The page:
Ted Sorensen, speechwriter for JFK, dead at age 82

Bryan Marquard
The Boston Globe
10/31/2010

Theodore Chaikin Sorensen, whose prose mingled with the thoughts and words of his close friend John F. Kennedy to create some of the most memorable presidential speeches of the 20th century, died today, nine days after suffering a stroke.

Mr. Sorensen’s wife, Gillian, said he died at noon in a hospital in New York City of complications from the stroke.

He was 82 and despite a stroke nine years ago that left him nearly sightless, Mr. Sorensen had continued to be a vibrant link intellectually and philosophically to the Kennedy administration and the Camelot aura that defined the clan, launching the political careers of the president’s younger brothers, Robert and Edward.
Considered by many to be the premier presidential speechwriter of his lifetime — some thought him the best ever — Mr. Sorensen played significant roles in crafting JFK’s enduring speeches, including his 1961 inaugural address, and the president’s book “Profiles in Courage,” which was awarded the Pulitzer Prize in 1957.

“I think Ted became the most important adviser and on balance, I think he was the best of the brightest and best,” said Harris Wofford, a former US senator from Pennsylvania who had served as an adviser to Kennedy. “He also knew what John Kennedy thought. They had an extraordinary relationship. It would be hard to know where one person’s thoughts ended and the other began.”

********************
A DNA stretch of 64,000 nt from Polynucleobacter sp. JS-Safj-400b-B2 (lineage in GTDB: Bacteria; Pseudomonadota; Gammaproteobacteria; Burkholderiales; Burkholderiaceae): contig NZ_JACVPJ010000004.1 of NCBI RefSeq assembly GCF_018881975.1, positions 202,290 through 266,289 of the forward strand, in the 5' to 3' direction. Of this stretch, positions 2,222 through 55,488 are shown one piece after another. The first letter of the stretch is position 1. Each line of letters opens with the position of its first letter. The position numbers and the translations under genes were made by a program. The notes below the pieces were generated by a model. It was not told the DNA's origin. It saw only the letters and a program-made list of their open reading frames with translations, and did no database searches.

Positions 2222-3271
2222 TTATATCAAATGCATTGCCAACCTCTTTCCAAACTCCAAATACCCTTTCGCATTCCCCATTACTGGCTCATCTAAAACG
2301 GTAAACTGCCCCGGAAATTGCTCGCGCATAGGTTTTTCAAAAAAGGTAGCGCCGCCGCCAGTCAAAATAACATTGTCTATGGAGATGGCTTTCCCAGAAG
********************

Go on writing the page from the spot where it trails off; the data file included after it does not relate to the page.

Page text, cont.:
Officially, Ted Sorensen was special counsel to the president, a role he reprised with Lyndon B. Johnson. Mr. Sorensen worked so closely with Jack Kennedy, however, that he became widely regarded as the president’s alter ego, liberal conscience, and intellectual confidante. Kennedy sought Mr. Sorensen’s counsel at every key juncture, from campaigning for the White House to guiding the country through perilous times such as the Bay of Pigs invasion and the Cuban missile crisis.

By Mr. Sorensen’s description, the two were as one as they drafted turns of phrase Kennedy made famous. Scholars in decades since have parsed sentences and scoured records while trying to deduce who wrote which words. With a grace born of his Midwestern roots, Mr. Sorensen always tipped the spotlight toward Kennedy, casting himself in the role of artist’s apprentice who assisted the master “in the execution of the final work of art.”…

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